For cast-on, more basic techniques and a mitten pattern, see my article and pattern in the fall 2019 issue of Spin-off Magazine. For more in-depth knowledge about twined knitting there are good books. Mainly in Swedish, but some also in English. Twined knitting by Birgitta Dandanell was the one I started out with. My current favourite, which also covers the beautiful history of the technique and its traditions is Tvåändsstickat by Birgitta Dandanell, Ulla Danielsson and Kerstin Ankert. This book is in Swedish only, but has lots of beautiful pictures of traditions, old garments and how-to descriptions.

Twining and untwining

The two yarn ends typically come from both ends of a center-pull ball. Since the strands are twined they will eventually have to be untwined. You do this by making a half-hitch around the ball and holding it up to untwine itself.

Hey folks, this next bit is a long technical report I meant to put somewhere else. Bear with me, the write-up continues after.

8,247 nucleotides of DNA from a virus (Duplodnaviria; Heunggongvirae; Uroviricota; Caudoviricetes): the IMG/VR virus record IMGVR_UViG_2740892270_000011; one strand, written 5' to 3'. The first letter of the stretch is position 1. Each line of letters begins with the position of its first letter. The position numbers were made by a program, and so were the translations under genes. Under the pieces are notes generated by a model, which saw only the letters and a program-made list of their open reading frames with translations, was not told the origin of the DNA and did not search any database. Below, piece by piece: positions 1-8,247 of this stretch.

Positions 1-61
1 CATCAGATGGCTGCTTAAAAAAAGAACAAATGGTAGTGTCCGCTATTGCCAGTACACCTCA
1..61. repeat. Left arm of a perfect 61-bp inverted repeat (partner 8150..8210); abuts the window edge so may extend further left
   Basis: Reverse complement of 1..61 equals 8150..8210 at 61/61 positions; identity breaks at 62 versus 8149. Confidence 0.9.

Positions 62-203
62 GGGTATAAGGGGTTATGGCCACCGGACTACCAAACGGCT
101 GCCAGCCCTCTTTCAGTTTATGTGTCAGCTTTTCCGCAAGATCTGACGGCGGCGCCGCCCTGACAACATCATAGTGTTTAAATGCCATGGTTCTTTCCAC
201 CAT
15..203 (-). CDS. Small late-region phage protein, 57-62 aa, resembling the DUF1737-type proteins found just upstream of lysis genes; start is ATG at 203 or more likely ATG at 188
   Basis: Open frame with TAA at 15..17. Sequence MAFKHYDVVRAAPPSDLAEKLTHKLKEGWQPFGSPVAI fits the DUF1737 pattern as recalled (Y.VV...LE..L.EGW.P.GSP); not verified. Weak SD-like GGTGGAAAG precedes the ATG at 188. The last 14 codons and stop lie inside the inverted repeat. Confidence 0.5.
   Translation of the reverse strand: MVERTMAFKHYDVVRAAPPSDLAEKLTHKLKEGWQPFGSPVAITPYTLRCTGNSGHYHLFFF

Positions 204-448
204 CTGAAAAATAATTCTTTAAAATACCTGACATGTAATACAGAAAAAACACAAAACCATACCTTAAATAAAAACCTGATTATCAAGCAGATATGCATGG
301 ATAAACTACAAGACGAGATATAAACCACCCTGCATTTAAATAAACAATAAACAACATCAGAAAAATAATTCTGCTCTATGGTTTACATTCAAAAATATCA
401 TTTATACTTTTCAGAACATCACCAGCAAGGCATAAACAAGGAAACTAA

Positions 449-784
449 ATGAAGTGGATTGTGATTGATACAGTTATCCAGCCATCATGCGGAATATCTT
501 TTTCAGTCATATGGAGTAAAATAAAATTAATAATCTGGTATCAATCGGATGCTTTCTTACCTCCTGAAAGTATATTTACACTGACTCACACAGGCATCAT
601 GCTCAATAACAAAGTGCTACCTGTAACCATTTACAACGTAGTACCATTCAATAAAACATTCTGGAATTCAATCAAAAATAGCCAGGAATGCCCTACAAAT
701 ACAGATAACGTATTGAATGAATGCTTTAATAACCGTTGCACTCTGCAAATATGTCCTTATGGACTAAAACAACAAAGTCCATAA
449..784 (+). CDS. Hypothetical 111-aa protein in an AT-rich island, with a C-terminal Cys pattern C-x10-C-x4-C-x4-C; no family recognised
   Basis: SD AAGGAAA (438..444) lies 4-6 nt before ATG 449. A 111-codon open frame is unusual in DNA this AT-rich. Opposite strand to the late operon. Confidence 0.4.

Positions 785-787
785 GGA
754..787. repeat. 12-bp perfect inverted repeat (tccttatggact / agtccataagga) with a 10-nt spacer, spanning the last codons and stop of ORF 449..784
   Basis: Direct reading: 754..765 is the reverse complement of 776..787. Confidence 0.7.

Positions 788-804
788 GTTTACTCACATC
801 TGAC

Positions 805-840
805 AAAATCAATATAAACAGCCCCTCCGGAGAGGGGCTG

A woman standing by a medieval wall. She is holding up a ball of yarn and a knitting project.
Every now and then I need to untwine the ball of yarn.

A lady on the train

In the beginning of July when I was on the train back home from teaching at Sätergläntan, I was working on my current twined knitting project. When we had almost arrived in Stockholm an elderly lady approached me and asked me if I had been to Sätergläntan. She had seen me knit on the train. The lady had poor eye sight, but she instantly recognized my untwining of the yarn ball as twined knitting. She told me that she used to twine knit all the time when she was younger. I love the effect public crafting has on people – both crafters and the people around them.